Disney, Pixar and Industrial Light and Magic are exemplars of this transdisciplinary process. Walt Disney’s “Imagineering” is perhaps the best known and most successful model. Disney’s Imagineering is the master planning, creative development, design, engineering, production, project management and research and development arm of The Walt Disney Company. The dotcom creator-type companies that emerged between 1995-2000 also used this concept of unified R&D and production. Interestingly, the global network game youth culture exhibits these traits of real-time learning, adaptation, and innovation within the context of hacking, modding and skinning games. For these communities of practice; work, learning, and play are one.


Educational programs, economic development initiatives and workforce programs should recognize the relationship between the popular youth culture of network gaming, the needs of 21st-Century Science and the pressing need for new engineering and science-related teachers, executives and R&D professionals. Like gaming, 21st-Century Science needs whole brain, adaptive leaders able to cope and even flourish in uncertain, complex situations requiring fusion of traditional academic disciplines and effective human collaboration in network environments. Game-related learning and production are transdisciplinary, and the learning and workforce needs of the game industry reflect the structure and needs of 21st-Century Science.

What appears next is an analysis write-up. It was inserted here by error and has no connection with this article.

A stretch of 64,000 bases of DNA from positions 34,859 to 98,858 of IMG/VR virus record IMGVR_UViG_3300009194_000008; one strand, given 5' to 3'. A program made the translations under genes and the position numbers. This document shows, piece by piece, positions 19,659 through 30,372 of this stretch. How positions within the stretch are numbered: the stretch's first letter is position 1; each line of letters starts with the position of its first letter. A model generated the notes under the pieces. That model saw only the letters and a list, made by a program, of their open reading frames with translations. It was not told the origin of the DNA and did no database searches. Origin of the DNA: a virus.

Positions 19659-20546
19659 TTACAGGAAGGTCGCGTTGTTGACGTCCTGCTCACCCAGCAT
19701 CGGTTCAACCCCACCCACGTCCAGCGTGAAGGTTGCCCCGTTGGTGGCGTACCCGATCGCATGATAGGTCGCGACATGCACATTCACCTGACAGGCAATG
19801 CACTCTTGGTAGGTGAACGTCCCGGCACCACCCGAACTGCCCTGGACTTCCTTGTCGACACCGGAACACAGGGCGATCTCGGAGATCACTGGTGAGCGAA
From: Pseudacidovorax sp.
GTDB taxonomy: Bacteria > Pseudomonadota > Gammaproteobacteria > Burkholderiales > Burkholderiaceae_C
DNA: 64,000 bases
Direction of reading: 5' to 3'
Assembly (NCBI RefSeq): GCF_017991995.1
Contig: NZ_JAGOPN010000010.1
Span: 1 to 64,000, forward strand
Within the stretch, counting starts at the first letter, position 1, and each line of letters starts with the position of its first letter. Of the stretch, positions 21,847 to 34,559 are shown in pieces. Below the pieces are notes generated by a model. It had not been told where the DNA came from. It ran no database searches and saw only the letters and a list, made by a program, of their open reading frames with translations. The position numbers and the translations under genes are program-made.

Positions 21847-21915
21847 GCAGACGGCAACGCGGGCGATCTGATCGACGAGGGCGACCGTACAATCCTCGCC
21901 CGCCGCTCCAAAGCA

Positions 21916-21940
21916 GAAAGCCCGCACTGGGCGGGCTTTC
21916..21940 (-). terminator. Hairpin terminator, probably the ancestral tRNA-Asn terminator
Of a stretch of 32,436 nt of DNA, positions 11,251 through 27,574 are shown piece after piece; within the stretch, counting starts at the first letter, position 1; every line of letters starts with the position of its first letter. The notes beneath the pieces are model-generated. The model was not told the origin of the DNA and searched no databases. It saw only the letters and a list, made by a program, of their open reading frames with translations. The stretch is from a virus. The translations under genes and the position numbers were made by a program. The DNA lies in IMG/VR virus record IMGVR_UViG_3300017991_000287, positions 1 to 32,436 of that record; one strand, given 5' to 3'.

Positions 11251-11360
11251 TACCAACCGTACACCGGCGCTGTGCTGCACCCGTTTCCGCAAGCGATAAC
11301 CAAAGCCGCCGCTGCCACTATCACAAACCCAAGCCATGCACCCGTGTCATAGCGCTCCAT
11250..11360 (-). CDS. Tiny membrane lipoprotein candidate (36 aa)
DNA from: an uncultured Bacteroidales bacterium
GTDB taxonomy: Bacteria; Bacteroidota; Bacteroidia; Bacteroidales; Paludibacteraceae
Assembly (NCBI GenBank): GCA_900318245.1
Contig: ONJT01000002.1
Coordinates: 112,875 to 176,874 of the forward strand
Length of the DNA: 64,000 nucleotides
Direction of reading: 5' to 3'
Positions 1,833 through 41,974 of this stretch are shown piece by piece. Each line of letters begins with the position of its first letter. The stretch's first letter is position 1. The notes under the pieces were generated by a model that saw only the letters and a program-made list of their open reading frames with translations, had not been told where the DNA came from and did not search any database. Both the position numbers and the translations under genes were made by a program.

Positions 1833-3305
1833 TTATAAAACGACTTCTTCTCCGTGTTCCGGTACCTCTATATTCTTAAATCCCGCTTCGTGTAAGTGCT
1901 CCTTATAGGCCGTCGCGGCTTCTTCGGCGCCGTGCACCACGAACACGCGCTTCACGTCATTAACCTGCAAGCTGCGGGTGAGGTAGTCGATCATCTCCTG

Gaming and 21st-Century Science are related in the following ways:
• Underlying mathematics, modeling, and computer technologies are similar or the same.
• Cybernetics and systemics are essential.
• Emergence of a distinct culture and practice.
• Real-time learning, adaptation, and innovation within the context of production—“production R&D.”
• Highly adaptive teams exhibiting the formation of new language, tools, and processes.
• High rate of innovation and resulting disclosure of new knowledge, technologies and techniques (“Disclosing New Worlds”, Flores).
• High variety of academic disciplines and experiences of team members.
• Similar workforce and education requirements.
• Driving a confluence of other related industries, processes, and technologies.
• Market and technology disruptions representing qualitative leaps over existing science, technology and economies of scale and use.
• Require unification of learning, R&D and commercialization.
• Transdisciplinary by nature.

Gamers represent a bridge to the types of learning systems and creativity needed to cope with the increased velocity of new scientific and technical knowledge flooding the world. It is time for us to take transdisciplinary action. We must recognize the unity of all things and be able to live with the requisition—we must learn as we do!

Note – This document is based on the Digital Game Forecast. For full bibliography and report, please download from:

Gaming, A Technology Forecast:
Implications for Texas Community and Technical Colleges.
Authored by: Jim Brodie Brazell, Nicholas Kim, Honoria Starbuck
Program Manager for Research: Eliza Evans, IC² Institute
PET Program Director: Michael Bettersworth, TSTC
Published February 2004.

Pattern status: 
Michael Bettersworth